Our favorite right-wing windbag Mister Fred (pictured, right) recently called our site ""The Emerson, Lake and Palmer of music writing," presumably because of our expansive and self-indulgent riffs fronting as actual content. Well, he's probably right. But I'd like to prove him only half right today by restraining my word count yet still keeping to the spirit of pointlessness. That is, I've got a hodge-podge of songs I'd like to toss out, but nothing much to say. That makes me a bit like "the Wings of music writing." So without further ado, some random notes:
1. The Revelers are part of the obscure Bill Fox family of great 1990s Cleveland pop. Fox's brother Tommy played drums and Bill recorded some of their early singles as Superfoxy Productions. I saw the Revelers reunite last spring and they exploded on stage. The kind and talented frontman Andrej Cuturic later sent me three gorgeous colored vinyl 7-inch singles in the mail and I've coveted them as objets d'art as well as objets d'rock. The Revelers were unfortunately a full decade ahead of the curve on retro rock, but there's a true-of-heart guilelessness to them that's deeper than what came after -- like, you know, it's actual rock and roll. These are great songs.
Meet Me at the Station - The Revelers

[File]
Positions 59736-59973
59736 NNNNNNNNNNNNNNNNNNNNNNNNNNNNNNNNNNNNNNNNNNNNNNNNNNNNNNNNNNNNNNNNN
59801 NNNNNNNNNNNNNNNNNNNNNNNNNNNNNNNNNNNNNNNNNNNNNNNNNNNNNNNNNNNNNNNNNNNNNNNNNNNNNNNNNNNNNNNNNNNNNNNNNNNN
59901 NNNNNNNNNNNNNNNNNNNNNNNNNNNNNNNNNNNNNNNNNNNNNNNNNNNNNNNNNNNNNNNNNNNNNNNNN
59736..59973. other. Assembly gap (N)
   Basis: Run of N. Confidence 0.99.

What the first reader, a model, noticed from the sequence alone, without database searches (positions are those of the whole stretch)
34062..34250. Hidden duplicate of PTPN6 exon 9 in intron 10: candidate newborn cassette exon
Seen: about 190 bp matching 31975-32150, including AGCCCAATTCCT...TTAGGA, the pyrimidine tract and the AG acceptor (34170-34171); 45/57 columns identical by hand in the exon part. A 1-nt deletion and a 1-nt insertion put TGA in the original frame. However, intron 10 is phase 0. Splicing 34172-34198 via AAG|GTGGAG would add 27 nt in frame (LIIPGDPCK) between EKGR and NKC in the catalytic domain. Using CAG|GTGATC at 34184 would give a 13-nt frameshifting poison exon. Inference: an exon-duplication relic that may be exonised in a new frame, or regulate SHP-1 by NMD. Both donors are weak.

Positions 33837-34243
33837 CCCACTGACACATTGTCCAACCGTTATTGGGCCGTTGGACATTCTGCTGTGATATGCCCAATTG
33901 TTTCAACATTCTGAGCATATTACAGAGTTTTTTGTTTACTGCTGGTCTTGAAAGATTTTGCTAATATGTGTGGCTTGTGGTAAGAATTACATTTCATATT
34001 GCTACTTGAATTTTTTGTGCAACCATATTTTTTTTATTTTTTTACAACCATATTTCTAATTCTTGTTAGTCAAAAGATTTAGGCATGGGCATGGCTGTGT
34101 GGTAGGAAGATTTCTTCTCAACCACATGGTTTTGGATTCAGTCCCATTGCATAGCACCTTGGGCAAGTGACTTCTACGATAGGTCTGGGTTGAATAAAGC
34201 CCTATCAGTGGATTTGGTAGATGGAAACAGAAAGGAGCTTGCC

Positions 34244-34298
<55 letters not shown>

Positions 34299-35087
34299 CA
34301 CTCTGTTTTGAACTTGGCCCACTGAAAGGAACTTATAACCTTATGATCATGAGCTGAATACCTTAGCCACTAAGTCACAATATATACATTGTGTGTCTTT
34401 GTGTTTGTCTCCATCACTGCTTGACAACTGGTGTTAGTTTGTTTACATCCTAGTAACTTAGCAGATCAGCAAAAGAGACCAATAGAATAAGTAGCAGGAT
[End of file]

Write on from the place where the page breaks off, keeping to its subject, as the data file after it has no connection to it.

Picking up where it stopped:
Little Kings of Rock and Roll - The Revelers
2. Widely believed it may not be, but true it is: the Bee Gees were the greatest pop band ever. I'm not going to qualify or contextualize that for now. Why bother? The first tune is the best rip-off of CSNY's "Helpless" you'll ever hear, pumped up with orch-pop grandeur and stretched well beyond a reasonable length. It's like the Emerson, Lake and Palmer of the Bee Gees. Then there's "Israel," the best and creepiest Zionist pop anthem ever written by goyim. These are from Trafalgar, circa 1971.
Don't Want to Live Inside Myself - Bee Gees
Israel - Bee Gees
3. I found a pile of 45s in my mother-in-law's attic recently, none in good condition. But these are both nice examples of the Jeff Barry/Don Kirschner sugar pop factory of the late 60s. The first was co-written by Phil Spector and says on the label it's both a "Leiber-Stoller Production" and "Stuyvesant Productions, Inc." So New York! The second pulls a bizarre copyright infringement on Hannah-Barbara, coming out the exact year "Scooby Doo" premiered. Not sure what they were thinking, but all's fair in love and Top 40. In this case, S.K.O.O.B.Y. isn't a slobbering dog detective with a dopey stoner sidekick, but a female teenage love interest. It's actually more wholesome than the cartoon.
Girls Can Tell - The Dixie Cups
Feelin' So Good (S.K.O.O.B.Y-D.O.O.) - The Archies